Mark Preston (political analyst)

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Mark Preston
Born (1971-07-21) July 21, 1971 (age 47)
ResidenceWashington D.C. area
NationalityAmerican
EducationArlington High School, Massachusetts
Alma materUniversity of Massachusetts Amherst, Massachusetts (B. A. Journalism and History)
OccupationExecutive Editor, CNN Politics; CNN Senior Political Analyst; Journalist
Years active1997 — present
EmployerCNN
Known forCNN Senior Political Analyst (Jan. 2017—)
CNN Politics Executive Editor (2014—)
CNN Political Director (2011—2014)
CNN Political Editor (2005—2011)
Congressional Correspondent, Roll Call (1999—2005)
Spouse(s)Meredith Preston (née Ray Bonner) m. July 8, 2000
Parent(s)
  • Eugene Preston
  • Mary Preston
WebsiteOfficial webpage at CNN

Mark Preston (born July 21, 1971) is Executive Editor of Political Programming at CNN, and a CNN Senior Political Analyst. His role is to oversee CNN’s election night coverage across its broadcasting and online platforms, organize CNN’s presidential debates and forums, and serve as CNN's main contact with political campaigns at both the state and national level,[1][2] and to lead the conception and execution of CNN's political events.

Preston also provides political analysis for CNN, CNN International and CNN.com,[3] regularly appearing on CNN's major news analysis shows such as New Day, Erin Burnett OutFront, Anderson Cooper 360° and CNN Tonight with Don Lemon, and was promoted to Senior Political Analyst in January 2017.[4] He was formerly CNN's Political Director, a post subsequently taken by David Chalian in 2014.[5]

Early life[edit]

Preston was born in July 1971 and is the son of Eugene Preston and Mary Preston.[6]

Education[edit]

Preston was educated at Arlington High School, a public secondary school in the town of Arlington, Massachusetts, from which he graduated in 1990, followed by the University of Massachusetts Amherst, known as UMass Amherst, where he studied Journalism and History. While there, he worked on the Massachusetts Daily Collegian, and freelanced for the Associated Press. After a month, he was hired to work for the office of Senator Edward Kennedy. Preston graduated from UMass Amherst in 1994, with two B. A. degrees, in Journalism and History.[7]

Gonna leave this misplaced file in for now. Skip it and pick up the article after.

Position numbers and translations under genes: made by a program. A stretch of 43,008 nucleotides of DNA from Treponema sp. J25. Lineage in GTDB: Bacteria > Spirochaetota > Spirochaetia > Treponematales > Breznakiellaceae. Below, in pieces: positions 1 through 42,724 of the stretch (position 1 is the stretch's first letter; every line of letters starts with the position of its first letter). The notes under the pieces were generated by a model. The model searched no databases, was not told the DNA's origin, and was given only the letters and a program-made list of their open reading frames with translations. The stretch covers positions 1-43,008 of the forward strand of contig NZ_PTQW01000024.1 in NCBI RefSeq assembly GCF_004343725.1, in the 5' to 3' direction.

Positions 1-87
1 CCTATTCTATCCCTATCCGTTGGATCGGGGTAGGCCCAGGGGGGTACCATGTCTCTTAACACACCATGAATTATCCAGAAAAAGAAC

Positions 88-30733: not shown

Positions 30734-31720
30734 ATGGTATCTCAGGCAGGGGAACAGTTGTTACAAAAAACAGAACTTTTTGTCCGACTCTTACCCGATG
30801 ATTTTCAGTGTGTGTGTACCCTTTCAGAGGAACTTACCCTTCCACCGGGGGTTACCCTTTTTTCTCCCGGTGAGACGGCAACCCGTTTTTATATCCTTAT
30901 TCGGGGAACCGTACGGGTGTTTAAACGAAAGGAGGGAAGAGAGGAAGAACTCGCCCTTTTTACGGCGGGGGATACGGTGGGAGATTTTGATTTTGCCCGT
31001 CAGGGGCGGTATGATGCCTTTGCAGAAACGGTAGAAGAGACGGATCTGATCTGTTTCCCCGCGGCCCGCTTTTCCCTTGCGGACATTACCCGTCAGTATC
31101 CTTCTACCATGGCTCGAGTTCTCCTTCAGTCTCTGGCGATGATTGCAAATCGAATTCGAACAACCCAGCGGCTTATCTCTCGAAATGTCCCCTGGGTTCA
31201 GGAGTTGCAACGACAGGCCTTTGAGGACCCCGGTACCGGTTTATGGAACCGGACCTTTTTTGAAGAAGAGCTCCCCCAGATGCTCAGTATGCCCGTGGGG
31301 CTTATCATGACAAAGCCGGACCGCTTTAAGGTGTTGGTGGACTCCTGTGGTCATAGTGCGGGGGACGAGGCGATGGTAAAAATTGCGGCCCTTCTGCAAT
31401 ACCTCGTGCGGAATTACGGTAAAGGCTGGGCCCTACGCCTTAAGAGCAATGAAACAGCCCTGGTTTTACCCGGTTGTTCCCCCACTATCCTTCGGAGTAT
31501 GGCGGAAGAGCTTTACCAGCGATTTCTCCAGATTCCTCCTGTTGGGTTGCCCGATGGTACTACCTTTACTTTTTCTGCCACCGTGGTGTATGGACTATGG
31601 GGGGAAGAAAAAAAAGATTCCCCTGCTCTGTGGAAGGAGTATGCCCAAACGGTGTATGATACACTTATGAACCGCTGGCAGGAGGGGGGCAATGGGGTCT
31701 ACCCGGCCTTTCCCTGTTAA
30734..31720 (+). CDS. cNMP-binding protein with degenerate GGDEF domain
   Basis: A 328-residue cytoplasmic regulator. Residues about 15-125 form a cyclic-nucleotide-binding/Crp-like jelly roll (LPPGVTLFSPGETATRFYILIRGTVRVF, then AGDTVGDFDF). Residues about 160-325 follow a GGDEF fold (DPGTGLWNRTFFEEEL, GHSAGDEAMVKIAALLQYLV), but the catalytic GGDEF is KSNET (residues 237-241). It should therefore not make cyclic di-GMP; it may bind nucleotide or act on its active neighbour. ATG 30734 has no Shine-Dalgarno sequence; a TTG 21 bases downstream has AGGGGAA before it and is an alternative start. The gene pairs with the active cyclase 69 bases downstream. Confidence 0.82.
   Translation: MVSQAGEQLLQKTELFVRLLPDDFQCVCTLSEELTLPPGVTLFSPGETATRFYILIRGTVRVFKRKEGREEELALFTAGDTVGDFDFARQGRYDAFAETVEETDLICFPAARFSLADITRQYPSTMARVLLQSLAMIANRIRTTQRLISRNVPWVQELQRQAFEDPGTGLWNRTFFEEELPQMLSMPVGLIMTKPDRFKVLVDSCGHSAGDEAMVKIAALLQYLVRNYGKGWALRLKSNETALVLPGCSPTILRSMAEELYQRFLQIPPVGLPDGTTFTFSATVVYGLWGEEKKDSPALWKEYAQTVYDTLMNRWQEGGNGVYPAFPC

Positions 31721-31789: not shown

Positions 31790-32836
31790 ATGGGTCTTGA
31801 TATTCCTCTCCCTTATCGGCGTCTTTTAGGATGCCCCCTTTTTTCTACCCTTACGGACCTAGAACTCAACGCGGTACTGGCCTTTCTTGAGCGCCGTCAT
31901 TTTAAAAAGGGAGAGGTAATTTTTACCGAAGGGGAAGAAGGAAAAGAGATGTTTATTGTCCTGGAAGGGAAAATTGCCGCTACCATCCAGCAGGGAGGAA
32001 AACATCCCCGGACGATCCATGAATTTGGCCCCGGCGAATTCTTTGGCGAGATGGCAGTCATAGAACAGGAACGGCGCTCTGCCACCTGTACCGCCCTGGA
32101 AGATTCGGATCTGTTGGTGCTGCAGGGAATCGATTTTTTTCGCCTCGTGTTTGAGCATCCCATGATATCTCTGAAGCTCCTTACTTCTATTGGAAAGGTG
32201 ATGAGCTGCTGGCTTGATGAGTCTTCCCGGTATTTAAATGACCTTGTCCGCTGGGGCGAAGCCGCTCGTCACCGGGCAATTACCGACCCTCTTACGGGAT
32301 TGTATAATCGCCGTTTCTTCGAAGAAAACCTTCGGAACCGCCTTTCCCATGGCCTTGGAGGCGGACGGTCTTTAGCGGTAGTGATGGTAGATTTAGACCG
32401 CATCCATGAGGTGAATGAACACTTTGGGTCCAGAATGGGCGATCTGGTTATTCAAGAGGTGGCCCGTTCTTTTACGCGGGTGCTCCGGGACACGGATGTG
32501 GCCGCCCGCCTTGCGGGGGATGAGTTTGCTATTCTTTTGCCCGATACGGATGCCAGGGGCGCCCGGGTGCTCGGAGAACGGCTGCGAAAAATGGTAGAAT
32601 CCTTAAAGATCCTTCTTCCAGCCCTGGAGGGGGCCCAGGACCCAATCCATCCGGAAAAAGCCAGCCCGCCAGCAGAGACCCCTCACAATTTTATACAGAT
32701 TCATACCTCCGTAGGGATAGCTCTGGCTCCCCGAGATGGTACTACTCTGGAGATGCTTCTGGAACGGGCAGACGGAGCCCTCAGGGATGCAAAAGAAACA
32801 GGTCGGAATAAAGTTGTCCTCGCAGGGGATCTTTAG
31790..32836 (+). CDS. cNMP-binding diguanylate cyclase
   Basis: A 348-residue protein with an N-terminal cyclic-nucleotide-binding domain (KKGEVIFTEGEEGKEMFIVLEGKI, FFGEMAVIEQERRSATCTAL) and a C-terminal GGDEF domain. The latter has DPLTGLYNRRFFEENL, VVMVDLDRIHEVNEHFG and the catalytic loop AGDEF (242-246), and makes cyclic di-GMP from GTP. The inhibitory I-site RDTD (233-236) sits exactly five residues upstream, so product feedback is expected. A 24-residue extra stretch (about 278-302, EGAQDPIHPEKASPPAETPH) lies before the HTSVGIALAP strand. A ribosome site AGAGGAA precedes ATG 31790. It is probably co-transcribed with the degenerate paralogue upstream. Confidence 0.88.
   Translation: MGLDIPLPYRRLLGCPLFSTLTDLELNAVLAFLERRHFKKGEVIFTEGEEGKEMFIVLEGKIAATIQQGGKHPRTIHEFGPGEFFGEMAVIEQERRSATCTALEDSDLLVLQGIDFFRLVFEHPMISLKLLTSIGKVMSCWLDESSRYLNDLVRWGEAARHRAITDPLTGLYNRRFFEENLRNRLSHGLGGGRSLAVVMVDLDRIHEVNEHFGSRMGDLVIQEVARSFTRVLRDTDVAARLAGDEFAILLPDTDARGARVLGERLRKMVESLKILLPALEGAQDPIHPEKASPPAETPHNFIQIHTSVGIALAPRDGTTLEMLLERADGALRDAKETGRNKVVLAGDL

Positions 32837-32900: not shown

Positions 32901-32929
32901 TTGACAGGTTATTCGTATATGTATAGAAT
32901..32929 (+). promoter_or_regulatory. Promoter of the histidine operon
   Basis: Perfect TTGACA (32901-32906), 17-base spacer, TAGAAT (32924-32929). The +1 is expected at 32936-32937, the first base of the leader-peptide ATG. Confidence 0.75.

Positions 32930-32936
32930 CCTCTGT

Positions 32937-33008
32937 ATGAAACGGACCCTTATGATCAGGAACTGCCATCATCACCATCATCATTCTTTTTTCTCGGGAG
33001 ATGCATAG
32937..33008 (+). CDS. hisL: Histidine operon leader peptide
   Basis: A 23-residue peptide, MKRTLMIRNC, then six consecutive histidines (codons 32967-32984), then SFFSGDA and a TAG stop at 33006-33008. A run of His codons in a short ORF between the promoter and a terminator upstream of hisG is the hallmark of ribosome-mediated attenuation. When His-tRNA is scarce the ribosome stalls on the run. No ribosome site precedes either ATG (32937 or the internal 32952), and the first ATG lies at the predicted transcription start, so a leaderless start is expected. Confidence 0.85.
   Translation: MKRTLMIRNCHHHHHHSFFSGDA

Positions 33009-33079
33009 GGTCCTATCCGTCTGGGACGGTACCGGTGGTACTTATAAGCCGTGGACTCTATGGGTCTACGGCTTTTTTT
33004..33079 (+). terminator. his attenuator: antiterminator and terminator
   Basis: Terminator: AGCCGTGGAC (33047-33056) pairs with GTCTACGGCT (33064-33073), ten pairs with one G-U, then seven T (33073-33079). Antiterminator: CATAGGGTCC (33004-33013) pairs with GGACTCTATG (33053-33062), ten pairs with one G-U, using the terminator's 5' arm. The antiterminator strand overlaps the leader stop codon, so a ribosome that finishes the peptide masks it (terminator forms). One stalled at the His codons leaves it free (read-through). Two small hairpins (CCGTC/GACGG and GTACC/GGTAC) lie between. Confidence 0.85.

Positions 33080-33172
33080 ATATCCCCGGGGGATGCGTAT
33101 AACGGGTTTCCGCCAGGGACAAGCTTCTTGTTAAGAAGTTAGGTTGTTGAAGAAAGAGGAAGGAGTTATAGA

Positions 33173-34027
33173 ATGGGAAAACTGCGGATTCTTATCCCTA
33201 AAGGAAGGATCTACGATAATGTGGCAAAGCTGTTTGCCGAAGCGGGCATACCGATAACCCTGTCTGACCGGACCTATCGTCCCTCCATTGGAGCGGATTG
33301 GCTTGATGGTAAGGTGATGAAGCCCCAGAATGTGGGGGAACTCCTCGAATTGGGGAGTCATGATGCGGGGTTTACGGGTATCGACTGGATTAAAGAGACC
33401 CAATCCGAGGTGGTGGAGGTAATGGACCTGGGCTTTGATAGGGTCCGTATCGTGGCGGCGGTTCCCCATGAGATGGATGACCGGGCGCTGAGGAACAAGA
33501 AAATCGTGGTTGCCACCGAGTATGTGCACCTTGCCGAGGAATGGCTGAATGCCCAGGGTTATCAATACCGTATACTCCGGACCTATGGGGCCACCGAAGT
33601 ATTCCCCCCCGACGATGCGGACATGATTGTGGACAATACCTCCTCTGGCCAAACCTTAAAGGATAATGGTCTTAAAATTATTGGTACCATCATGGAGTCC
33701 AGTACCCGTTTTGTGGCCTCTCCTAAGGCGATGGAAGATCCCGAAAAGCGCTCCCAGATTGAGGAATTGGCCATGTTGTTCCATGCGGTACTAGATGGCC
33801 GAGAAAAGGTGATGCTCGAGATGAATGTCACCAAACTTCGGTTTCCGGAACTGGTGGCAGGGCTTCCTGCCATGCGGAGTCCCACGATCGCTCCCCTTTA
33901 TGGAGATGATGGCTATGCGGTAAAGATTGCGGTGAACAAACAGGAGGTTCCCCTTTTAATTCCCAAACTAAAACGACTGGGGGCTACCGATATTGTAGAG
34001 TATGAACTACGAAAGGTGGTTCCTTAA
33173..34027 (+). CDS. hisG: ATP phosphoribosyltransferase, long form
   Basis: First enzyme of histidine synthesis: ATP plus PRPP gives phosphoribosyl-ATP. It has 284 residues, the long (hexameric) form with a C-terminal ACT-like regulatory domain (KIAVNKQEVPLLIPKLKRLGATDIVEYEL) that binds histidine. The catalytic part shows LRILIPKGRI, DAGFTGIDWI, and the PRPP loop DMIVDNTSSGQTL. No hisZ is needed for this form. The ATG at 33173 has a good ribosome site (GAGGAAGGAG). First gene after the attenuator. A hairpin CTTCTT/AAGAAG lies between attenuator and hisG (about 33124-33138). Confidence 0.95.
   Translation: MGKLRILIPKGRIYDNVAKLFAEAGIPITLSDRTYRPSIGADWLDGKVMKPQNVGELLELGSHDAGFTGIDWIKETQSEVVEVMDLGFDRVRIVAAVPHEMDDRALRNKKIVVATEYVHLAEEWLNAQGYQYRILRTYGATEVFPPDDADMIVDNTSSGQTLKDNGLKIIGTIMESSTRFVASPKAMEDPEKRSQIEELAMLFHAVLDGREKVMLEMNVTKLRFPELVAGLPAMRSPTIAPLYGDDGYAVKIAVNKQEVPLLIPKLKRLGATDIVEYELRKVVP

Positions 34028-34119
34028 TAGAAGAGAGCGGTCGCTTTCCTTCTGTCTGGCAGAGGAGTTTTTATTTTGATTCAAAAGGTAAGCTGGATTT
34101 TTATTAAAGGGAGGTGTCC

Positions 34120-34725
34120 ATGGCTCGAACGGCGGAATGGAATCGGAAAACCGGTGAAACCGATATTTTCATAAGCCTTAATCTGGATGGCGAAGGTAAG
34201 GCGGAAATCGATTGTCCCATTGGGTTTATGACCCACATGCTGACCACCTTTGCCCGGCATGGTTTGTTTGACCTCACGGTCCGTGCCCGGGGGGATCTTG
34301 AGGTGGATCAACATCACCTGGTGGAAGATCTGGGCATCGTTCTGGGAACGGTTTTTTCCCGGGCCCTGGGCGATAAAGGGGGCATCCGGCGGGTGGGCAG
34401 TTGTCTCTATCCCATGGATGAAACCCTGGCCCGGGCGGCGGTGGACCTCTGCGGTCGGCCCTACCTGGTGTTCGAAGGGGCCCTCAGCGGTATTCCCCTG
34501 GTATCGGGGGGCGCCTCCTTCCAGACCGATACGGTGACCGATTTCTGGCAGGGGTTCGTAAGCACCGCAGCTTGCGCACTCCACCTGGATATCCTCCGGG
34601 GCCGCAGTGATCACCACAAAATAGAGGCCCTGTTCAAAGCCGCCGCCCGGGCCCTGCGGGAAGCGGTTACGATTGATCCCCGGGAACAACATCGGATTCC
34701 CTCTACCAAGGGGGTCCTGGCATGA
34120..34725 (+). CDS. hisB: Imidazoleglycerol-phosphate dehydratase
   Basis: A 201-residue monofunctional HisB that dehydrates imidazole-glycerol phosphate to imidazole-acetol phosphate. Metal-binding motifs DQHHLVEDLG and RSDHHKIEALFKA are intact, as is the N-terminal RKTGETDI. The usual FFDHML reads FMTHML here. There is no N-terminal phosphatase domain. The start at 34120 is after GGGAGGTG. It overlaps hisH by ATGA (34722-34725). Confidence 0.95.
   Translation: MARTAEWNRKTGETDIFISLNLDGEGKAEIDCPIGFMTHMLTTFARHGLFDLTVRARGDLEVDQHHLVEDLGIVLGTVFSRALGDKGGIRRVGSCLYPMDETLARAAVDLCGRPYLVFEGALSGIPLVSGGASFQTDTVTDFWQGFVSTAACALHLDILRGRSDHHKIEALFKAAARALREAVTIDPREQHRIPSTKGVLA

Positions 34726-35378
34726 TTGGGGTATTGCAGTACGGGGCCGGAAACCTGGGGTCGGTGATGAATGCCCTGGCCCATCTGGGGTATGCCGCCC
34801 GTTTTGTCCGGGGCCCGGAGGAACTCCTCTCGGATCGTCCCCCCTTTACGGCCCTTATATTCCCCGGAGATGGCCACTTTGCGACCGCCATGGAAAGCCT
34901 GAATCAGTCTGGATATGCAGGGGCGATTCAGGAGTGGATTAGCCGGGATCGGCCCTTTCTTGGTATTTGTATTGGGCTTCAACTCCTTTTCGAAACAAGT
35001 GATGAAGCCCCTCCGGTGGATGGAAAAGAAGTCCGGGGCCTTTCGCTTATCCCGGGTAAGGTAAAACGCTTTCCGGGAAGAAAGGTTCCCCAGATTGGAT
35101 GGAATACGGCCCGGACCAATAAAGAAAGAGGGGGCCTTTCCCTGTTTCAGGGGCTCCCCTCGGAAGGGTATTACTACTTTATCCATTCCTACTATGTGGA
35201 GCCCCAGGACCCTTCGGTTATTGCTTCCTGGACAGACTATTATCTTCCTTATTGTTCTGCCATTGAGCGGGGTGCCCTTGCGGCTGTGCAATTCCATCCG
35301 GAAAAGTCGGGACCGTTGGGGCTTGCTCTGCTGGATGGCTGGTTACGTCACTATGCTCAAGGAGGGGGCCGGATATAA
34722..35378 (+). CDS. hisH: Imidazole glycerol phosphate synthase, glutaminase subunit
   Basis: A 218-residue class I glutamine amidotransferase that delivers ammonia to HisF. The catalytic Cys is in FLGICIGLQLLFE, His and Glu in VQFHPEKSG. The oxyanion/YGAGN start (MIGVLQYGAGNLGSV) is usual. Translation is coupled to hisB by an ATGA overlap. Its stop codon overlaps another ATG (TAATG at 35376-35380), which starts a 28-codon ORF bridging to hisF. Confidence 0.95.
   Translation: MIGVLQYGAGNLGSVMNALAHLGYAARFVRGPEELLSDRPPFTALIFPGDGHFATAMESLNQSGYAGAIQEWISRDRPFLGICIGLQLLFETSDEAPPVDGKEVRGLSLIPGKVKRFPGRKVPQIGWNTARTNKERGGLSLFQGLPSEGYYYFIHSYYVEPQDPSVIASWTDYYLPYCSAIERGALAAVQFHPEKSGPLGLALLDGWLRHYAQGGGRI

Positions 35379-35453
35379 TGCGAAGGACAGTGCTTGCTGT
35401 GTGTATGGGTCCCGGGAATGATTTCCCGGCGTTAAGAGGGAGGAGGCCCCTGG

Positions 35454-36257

Life and career[edit]

Preston started his career as a print journalist. He was a correspondent at States News Services, a wire service in Washington D.C. and at the Marietta Daily Journal in Marietta, Georgia, during which he won several Georgia Press Association and Georgia Associated Press reporting awards.[1][2]

Preston was a senior staff writer for the Capitol Hill newspaper Roll Call, during which he was a congressional correspondent revealing important policy and political decisions made behind closed doors. He appeared on many media outlets as a guest analyst, including CNN, C-SPAN, Fox News, ABC Radio, National Public Radio and Radio America, as well as local media outlets.[1][2]

Early in his career, Preston saw the collapse of the newspaper industry and the rise of 24-hour news. He decided to leave print journalism to join CNN.[8]

Career at CNN[edit]

Preston joined CNN in 2005 as political editor. He played a key role in the network’s election night coverage in 2006, which won an Emmy Award, and of CNN’s 2008 campaign coverage, which won a Peabody Award.[1][2] In 2011, he became CNN’s Political Director. The network received another Emmy Award for its coverage in 2012. Preston's work contributed to CNN receiving Syracuse University’s i-3 Mirror Award for the YouTube presidential debates and an EPpy Award for Best News/Politics Blog. In 2014, he became Executive Editor of CNN Politics while retaining his work as an on-screen political analyst, appearing on a wide variety of CNN programs.[1][2] In January 2017, he was promoted to CNN Senior Political Analyst.[4]

SiriusXM Satellite Radio[edit]

Preston co-hosted with Chris Frates the weekly satellite radio program Politics Inside Out, on Sirius XM Satellite Radio's Channel 124, known as P.O.T.U.S.[9] In July 2017, he left the program, which was retitled Politics Inside Out with Chris Frates, while Preston began single-hosting a new political program, Full Stop with Mark Preston.[10]

Personal life[edit]

Preston married Meredith Ray Bonner on July 8, 2000, while a reporter at the Capitol Hill newspaper Roll Call, at the Holy Spirit Catholic Church in Atlanta, Georgia, the U.S. state in which they first met as reporters at the Marietta Daily Journal, in the city of Marietta. The couple spent their honeymoon in North Carolina.[6]

See also[edit]

References[edit]

  1. ^ a b c d e Jordan Chariton (May 23, 2014). "Mark Preston Named Executive Editor for CNN Politics". Adweek.com. Retrieved April 7, 2017.
  2. ^ a b c d e "Mark Preston - Executive Editor, CNN Politics". LeadingAuthorities.com. Retrieved April 7, 2017.
  3. ^ "Mark Preston Promoted to Executive Editor, CNN Politics". CNN. May 23, 2014. Retrieved April 7, 2017.
  4. ^ a b "CNN Names New Washington Correspondents". Cision Media Research. January 23, 2017. Retrieved April 7, 2017.
  5. ^ Dylan Byers (June 6, 2014). "CNN names David Chalian political director". Politico. Retrieved April 7, 2017.
  6. ^ a b "Congressional Record (Bound Edition), Volume 146 (2000), Part 12 - On the marriage of Mark Preston and Meredith Ray Bonner". US Government Publishing Office. 2000. Retrieved April 27, 2017.
  7. ^ "Mark Preston has a political agenda". University of Massachusetts Amherst. Retrieved April 7, 2017.
  8. ^ "CNN Political Director Mark Preston Discusses Digital Age, Media & Politics at JSU". Centre for Governmental Studies, Johns Hopkins University. April 24, 2014. Retrieved April 7, 2017.
  9. ^ "Mark Preston". Muckrack.com. Retrieved 9 April 2017.
  10. ^ "PLAYBOOK PLUS - Thursday's Juice". Politico.com. July 27, 2017. Retrieved December 13, 2017.

External links[edit]